Oldest man in Britain
By C Smith
When Joe Randle of Hunsdon died 3 weeks before his 108th birthday in 1992, he was the oldest man Britain. On reaching 100, Benskins Brewery gave him a tankard and the promise of a free pint a day for the rest of his life, which he claimed every day at The Crown, his local since 1894.
He was always the first one in the pub and loved a chat and to read the papers. Joe would say: “Don’t talk to me about the good old days, because there were none”. A married man with a family was expected to live on 15 shillings a week and life was hard.
Joe lived in Hunsdon all his life, apart from the First World War when he sustained shrapnel wounds and lost some fingers while serving as an infantryman in France. He remembers his mother making the weekly walk to Ware to draw four shillings and sixpence relief for the family of 10, as his father died after falling from a tree when he was 6. Like the rest of his siblings, he took a job in his teens to help with family finances. His brother, George, died aged 100 and was a couple of years older than him.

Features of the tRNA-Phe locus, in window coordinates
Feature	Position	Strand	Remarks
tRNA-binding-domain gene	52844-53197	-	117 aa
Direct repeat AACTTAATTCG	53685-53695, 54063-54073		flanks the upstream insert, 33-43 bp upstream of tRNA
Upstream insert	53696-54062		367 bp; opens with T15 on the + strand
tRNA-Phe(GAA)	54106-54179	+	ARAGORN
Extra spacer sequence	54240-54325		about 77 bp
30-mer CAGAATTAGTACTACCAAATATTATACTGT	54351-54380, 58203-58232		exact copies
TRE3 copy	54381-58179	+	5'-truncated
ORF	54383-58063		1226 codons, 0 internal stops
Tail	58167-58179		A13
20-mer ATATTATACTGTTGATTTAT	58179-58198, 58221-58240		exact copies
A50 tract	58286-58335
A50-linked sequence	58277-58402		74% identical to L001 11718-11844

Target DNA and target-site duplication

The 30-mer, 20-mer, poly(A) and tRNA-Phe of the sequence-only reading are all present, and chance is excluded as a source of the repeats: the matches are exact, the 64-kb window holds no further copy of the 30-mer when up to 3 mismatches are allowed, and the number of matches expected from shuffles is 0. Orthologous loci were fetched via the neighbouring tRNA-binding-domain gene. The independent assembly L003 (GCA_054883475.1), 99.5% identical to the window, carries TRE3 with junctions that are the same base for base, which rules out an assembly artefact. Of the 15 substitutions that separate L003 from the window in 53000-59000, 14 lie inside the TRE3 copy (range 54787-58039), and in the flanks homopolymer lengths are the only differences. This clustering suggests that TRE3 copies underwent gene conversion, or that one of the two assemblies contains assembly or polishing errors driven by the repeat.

In 1904 he saw the first car that passed through Hunsdon (“You could hear the racket in Stanstead Abbotts”) but never wanted to know about “them new fangled things”. He never married either. “On such wages? It was suicide”, he said.